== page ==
This month, Sildarmillion selected “beyond attraction” as the theme for the Carnival of Aces. I appreciate this theme because over the past decade or so, the ace community has become saturated with what I have called attraction fixation or attraction-based essentialism. For instance, you can see a lot of this in the AVEN debates over the phrase “little or no” (note, this series is PF login-only). Other examples, while less extreme, still reflect an attempt to isolate one specific feeling or experience that aces don’t have, which I think is inadvisable as well as unnecessary. When people take this kind of approach to asexuality, it generally reflects an ignorance of the history and prior debates on this subject.
Personally, I appreciate the “attraction” framework for describing certain kinds of experiences, but over the years I’ve gotten increasingly disillusioned about centering it in definitions of asexuality or gray-asexuality. Not only does that approach contribute to identity policing, but it also leaves a lot out of the picture, including what I consider to be more salient to my own identity as ace.
Note this post is mostly retreading things I’ve already written about before, but I tend to look back on my old writing with annoyance, so here we go again.
What that an act of identification is — what that really is — is a choice to connect ourselves, as if by a string, to a much larger web of instances wherever those same words have been said, a choice to position oneself relative to others who do the same, an invocation of every other invocation of the word. Our personal reasons for that choice will vary, our relationships to these words will vary, our personal narratives will vary, and those little ripples and variations in the pattern, in speaking style, in specifics, in stories, are how we know we’re talking to another person and not just speaking to a mirror.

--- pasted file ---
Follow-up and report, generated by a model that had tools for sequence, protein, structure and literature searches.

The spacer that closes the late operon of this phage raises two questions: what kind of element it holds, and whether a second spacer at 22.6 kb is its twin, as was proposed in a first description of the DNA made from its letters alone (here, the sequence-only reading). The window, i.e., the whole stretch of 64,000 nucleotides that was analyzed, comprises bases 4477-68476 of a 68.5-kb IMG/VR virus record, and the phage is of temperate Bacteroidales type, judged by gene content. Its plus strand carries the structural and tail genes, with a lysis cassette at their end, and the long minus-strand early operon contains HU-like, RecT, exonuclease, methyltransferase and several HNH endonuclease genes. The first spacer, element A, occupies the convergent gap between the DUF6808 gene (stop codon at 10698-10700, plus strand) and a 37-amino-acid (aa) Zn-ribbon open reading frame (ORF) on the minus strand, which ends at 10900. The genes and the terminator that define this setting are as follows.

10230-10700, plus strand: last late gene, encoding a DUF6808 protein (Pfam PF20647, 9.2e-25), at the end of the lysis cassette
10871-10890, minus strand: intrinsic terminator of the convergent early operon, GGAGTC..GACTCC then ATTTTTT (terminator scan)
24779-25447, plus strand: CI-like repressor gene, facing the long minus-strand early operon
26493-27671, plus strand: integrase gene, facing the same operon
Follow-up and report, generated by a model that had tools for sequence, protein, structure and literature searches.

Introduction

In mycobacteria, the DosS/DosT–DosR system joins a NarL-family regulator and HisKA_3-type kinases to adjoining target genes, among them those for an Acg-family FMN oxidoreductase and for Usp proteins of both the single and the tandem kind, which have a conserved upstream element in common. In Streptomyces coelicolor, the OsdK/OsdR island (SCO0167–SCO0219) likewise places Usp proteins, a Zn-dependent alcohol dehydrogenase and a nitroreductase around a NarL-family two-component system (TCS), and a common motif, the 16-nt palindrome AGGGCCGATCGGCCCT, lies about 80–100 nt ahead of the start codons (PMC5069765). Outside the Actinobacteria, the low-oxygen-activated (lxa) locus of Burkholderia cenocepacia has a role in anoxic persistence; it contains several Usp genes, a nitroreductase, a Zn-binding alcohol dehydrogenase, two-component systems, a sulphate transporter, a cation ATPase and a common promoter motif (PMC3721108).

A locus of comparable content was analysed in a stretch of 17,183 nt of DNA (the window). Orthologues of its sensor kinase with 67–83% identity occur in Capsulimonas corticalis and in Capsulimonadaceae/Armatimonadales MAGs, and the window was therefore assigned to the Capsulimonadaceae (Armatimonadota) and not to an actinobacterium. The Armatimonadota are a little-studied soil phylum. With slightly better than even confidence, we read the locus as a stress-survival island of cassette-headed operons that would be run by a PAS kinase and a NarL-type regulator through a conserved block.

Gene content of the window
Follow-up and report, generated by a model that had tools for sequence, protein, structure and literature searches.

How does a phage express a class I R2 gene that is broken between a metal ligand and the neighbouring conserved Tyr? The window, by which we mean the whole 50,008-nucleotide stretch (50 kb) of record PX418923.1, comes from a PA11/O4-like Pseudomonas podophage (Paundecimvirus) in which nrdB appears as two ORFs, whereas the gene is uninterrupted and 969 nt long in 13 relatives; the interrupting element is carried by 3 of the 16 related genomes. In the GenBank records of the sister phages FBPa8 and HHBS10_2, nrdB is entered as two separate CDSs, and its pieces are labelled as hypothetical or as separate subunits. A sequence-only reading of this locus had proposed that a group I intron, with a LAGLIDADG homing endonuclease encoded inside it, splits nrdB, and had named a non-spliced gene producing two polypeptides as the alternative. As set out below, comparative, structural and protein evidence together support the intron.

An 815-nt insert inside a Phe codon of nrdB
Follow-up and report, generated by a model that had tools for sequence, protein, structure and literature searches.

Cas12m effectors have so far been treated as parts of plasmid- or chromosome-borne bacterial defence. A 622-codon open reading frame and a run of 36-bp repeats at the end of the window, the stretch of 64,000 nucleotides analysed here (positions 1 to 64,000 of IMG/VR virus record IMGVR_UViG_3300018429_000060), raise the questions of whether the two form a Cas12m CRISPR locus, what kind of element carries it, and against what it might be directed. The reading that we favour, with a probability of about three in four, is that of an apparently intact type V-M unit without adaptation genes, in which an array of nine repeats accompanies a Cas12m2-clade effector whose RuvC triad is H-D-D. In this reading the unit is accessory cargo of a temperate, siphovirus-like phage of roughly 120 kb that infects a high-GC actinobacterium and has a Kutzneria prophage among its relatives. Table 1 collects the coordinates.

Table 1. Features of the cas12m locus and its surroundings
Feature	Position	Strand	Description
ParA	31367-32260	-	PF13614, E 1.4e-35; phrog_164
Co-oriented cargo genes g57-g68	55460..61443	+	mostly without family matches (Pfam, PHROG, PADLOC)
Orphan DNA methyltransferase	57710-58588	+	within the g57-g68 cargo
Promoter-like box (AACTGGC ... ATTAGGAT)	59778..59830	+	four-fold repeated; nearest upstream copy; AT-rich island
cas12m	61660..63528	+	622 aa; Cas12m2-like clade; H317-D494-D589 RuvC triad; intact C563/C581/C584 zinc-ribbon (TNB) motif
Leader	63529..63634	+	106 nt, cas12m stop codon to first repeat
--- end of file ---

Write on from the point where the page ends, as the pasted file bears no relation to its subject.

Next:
So by identifying as ace, what sort of family resemblances am I getting at?
Here’s an incomplete list:
Absence of sexual experience. Recently, I watched a documentary where, as part of a story, an interview participant casually mentioned that she “didn’t want to die a virgin.” The turn of phrase was striking to me precisely because it wasn’t just “wanted to have sex” but that she didn’t want to remain within a certain social category, a certain type of person: a person like me. I understand that people have different goals in life; there’s nothing to reconcile there. At the same time, this offhand remark lingers with me because it’s a reminder of that what I am, the way I live, is understood as so thoroughly undesirable. Never-having-had-sex is both non-normative at my age and a significant part of my personal history. If I want to connect with people who aren’t going to act weird about that, the ace community is a good place to start.
Absence of compatibility. I believe that generally speaking, sexuality words can be useful shorthand for communicating something about repertoires and compatibility. It’s not just who you’re “attracted to;” it’s also about who you might potentially “match” with. Conventionally we might express this as which genders you’re “into,” how interested you are in sex, and if so, what kind. For me, a lot of that is up in the air and distantly hypothetical, which is why I focus on what I can nail down more easily: everything that I know wouldn’t work, which is a lot. So from my perspective, the most socially-significant pattern here is the extent of absence and negation.